A breath of fresh air from China, this fascinating book lifts a veil from the influence of Marxist thinking in China’s economic successes. It shows how debates initiated by Marxists lie at the forefront of a blend of policies whose striking achievements have little to do with Western economic orthodoxy. A major contribution to Marxist theory and a highly practical work, it confronts the complexity and uniqueness of China’s economic miracle by developing Marxism in exciting and innovative ways. Offering Western readers an unparalleled introduction to the dynamism and breadth of Chinese Marxist thinking, it extends the boundaries of political economy in creative and productive directions of world-wide importance.
—Alan Freeman, Geopolitical Economy Research Group, University of Manitoba
Prof. Cheng Enfu’s “Shanghai School” of Marxist economics has brought together a group of Chinese scholars, whose work has unusual depth and breadth. Starting from classical Marxist foundations, with the theory of value at its center, they have studied both early and present-day sources, both Marxist and non-Marxist, from both China and around the world. The book uses qualitative analysis and quantitative methods, in theoretical and empirical applications. But this work is not just exposition and development of theory. The authors also apply their concept of value creation, derived from Marx but by no means rigidly confined to his ideas, to vital matters of policy, especially relevant to today’s China and to the current explosion of high-tech services, managerial and cultural labor. Anyone interested in the Marxist political economy tradition, or in the present-day world and China’s place in it, cannot afford to miss this volume.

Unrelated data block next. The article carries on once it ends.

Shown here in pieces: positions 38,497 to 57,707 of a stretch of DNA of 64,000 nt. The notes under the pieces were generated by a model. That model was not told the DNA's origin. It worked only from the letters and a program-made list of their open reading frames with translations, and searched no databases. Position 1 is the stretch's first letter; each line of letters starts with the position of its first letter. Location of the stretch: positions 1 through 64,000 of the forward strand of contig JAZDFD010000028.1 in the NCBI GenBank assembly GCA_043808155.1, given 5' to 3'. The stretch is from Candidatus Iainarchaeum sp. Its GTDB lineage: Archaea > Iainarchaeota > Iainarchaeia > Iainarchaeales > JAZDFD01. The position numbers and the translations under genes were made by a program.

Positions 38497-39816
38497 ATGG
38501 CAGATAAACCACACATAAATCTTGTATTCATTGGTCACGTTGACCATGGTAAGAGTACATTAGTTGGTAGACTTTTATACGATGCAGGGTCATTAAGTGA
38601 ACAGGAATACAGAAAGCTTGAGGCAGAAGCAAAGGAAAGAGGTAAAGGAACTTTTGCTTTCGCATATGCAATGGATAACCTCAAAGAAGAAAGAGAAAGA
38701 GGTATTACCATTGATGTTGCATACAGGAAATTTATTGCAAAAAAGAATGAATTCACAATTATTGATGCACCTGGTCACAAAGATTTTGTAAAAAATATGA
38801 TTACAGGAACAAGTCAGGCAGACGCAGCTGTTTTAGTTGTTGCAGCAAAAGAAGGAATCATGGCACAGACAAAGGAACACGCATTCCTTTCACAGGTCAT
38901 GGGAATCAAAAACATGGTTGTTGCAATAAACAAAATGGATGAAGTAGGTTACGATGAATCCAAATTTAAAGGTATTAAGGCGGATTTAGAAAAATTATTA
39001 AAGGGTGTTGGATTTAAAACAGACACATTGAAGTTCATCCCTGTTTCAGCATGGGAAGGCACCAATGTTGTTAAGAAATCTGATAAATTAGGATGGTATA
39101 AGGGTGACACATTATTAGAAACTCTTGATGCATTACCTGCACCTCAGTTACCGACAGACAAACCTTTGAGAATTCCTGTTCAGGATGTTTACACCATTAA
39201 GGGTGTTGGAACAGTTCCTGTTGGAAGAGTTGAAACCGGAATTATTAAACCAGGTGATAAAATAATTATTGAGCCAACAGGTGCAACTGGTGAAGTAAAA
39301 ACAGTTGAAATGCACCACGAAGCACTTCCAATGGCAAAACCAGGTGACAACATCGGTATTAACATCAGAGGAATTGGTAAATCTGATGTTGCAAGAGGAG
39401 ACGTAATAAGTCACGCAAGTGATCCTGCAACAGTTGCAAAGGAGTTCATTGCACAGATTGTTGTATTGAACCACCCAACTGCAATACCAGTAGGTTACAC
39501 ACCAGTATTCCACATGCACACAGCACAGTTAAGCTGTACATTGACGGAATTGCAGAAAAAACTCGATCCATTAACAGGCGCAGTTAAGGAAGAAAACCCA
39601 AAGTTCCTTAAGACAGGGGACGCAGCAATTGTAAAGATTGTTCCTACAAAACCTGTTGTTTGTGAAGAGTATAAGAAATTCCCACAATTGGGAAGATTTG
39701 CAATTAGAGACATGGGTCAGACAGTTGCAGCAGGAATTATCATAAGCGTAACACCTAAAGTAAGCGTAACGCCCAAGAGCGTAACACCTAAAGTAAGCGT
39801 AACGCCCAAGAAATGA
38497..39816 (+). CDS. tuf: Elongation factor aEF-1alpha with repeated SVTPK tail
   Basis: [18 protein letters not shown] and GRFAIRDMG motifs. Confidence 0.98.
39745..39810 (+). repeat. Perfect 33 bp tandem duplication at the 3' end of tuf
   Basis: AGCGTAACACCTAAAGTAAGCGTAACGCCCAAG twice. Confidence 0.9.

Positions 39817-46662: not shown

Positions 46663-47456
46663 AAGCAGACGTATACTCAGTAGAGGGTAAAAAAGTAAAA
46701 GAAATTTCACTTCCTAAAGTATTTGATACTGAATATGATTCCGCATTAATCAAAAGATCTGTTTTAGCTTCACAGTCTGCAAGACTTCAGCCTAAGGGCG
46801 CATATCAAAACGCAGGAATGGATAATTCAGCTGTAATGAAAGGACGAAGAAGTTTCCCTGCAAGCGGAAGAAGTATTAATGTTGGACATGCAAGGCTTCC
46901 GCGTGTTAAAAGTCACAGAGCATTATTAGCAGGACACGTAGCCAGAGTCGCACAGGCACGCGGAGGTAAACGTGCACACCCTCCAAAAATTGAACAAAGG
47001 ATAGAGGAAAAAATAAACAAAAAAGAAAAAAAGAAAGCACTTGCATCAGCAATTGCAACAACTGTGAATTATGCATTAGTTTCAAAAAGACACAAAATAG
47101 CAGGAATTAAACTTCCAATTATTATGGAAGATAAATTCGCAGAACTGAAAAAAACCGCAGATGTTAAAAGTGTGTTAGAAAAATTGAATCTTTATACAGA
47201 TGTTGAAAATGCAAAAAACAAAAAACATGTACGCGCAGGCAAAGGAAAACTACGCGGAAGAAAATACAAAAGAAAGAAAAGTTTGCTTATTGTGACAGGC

—David Laibman, Professor Emeritus, Economics, City University of New York Editor, Science & Society
This book is certainly a landmark, a mile-stone in the research of Marxist Labor theory! Expounds on the essence of Marx’s “theory of value” and its contemporary form Professor Cheng Enfu et.al. have not only explored the existing huge continent, but demonstrated an innovative approach.
—Jean Claude Delaunay, Paris-East University
The book demonstrates that the labour that produces material and spiritual goods directly for the purpose of market exchange and that directly serves the production and reproduction of labour commodities, including the management labor and scientific and technical labor, are all value-creating or productive labor. The authors of this book have long studied and explored the development of Marx’s labor theory of value and have put forward a new point of view. It is different from the view that only material production creates new values for commodities. The book is scientifically innovative and worth studying.
—Wang Zhiwei, Professor of Beijing University, Consultant of the Chinese and Foreign Economic Studies Association
Publication date: 2019
Page extent: 260